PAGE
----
There was an intriguing article in Wednesday’s US print edition of the Wall Street Journal. It was called, “UK is set to change its guidance on rate policy“. The article explains how the UK treasury has gotten itself into a little communications difficulty. Mark Carney, the governor of the Bank of England, and the Monetary Policy Committee, had suggested in August that interest rates would remain low for some time. The bank also communicated that no rate change would be considered until the national unemployment fell below 7%. In November the unemployment rate fell to 7.1% as the UK economy improved rapidly in the second half of 2013.
The original guidance was given to help business and consumers assume a stable monetary environment. When consumers and business leaders expect interest rates to increase, we may hold off with some investment vehicles. With higher rates, capital returns on savings will ncrease, so we may delay investment in order to seek a higher return once the rates increases. And since the economy and it’s current recovery is beholden to, among other things, flighty investment cycles, anything that could slow investments might actually slow the recovery. This is therefore a catch-22 situation.
The explicit targeting of specific metrics, and the communiocation of such targets, has been the bedrock of financial forward guidance since it started. I have in my hand the UK’s 1992/3 Financial Statement and Budget Report that made up what was then known as the Medium Term Financial Strategy (MTSB). This was an innovation that started in 1980 by Margaret Thatcher’s government, with Sir Geoffrey Howe (Chancellor of the Exchequr). This innovation was isntrumental in providing forward guidance to interst rates and inflation targets the business leaders could euqally use in their medium term business strategies.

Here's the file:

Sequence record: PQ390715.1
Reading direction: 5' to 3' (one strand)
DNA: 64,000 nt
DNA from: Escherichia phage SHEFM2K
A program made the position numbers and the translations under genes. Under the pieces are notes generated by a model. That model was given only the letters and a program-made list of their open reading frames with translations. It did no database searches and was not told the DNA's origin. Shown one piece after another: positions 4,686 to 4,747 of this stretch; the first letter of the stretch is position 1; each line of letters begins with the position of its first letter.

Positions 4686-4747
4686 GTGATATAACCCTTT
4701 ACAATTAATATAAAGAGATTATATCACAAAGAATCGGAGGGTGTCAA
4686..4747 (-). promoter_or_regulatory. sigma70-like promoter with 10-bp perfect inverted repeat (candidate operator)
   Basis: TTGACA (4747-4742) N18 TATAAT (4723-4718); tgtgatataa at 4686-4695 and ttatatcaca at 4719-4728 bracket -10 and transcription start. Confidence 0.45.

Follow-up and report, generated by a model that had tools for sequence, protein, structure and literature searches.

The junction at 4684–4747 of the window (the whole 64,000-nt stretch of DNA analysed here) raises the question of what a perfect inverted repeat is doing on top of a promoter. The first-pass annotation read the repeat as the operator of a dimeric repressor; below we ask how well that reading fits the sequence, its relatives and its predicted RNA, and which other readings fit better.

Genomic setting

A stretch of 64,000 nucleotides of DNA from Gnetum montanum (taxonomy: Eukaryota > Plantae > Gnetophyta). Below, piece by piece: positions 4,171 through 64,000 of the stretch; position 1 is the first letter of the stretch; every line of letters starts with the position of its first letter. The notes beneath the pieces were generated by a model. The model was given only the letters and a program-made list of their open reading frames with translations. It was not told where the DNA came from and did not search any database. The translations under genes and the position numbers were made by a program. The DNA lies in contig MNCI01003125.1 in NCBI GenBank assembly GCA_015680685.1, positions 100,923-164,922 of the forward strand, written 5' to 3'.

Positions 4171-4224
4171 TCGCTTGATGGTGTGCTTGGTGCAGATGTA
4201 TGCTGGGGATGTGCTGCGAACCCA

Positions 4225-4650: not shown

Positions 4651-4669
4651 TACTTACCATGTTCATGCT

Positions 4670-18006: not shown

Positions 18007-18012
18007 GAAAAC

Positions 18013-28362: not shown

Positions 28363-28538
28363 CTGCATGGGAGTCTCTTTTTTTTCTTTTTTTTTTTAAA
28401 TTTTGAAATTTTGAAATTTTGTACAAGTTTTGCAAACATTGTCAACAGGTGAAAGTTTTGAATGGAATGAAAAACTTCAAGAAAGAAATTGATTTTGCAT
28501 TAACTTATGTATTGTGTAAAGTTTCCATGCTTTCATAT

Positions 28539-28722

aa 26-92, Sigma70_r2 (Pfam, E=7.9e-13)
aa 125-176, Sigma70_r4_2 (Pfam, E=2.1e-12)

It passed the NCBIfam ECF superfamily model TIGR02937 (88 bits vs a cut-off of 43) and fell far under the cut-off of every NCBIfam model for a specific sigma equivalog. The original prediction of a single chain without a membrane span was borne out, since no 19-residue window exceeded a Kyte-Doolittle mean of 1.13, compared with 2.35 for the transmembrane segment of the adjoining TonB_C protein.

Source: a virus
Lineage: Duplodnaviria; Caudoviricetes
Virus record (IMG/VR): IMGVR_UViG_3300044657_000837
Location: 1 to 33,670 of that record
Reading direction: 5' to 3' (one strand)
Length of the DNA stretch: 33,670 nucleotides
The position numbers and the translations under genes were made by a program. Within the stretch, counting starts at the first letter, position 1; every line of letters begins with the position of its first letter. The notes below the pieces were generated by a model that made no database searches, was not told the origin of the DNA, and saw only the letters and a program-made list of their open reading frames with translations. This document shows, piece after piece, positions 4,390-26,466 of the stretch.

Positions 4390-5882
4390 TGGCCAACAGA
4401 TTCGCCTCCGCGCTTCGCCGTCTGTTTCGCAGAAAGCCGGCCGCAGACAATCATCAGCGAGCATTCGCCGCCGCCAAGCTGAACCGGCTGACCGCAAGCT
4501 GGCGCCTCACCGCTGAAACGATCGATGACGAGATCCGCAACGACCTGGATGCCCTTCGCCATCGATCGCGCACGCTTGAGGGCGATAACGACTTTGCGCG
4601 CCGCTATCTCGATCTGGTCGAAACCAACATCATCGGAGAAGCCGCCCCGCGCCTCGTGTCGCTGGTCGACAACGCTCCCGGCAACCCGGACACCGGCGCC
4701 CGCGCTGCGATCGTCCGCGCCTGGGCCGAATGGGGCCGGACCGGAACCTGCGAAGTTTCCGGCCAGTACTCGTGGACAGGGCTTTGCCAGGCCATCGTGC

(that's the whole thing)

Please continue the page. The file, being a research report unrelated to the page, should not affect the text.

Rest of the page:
The value of “forward and public guidance” however has been discouinted. This often takes place when the mesures targetted start to lose their impact. Thatcher’s government targetted one of the many forms of money supply as a means to predict inflationary pressures. However, in some periods, inflation rates changed in directions that were contrary to the targetted money supply. This does not mean forward guidance is wrong; it means our understanding of the drivers of the economy need updating.
So forward guidance and the communication this entails is therefore very important. Just a few months ago the US stock market gyrated markedly when the outdoing Fed Chairman, Ben Bernanke, signaled the start of ‘tapering’. So whispers and words can a market make.
Interestingly before we had forward guidance the market still moved when news percolated through the economy. With forward guidance it seems the historical erratic nature of those moves have gone, only to be replaced with a different set of gyrations. Presumably it is all for the better….
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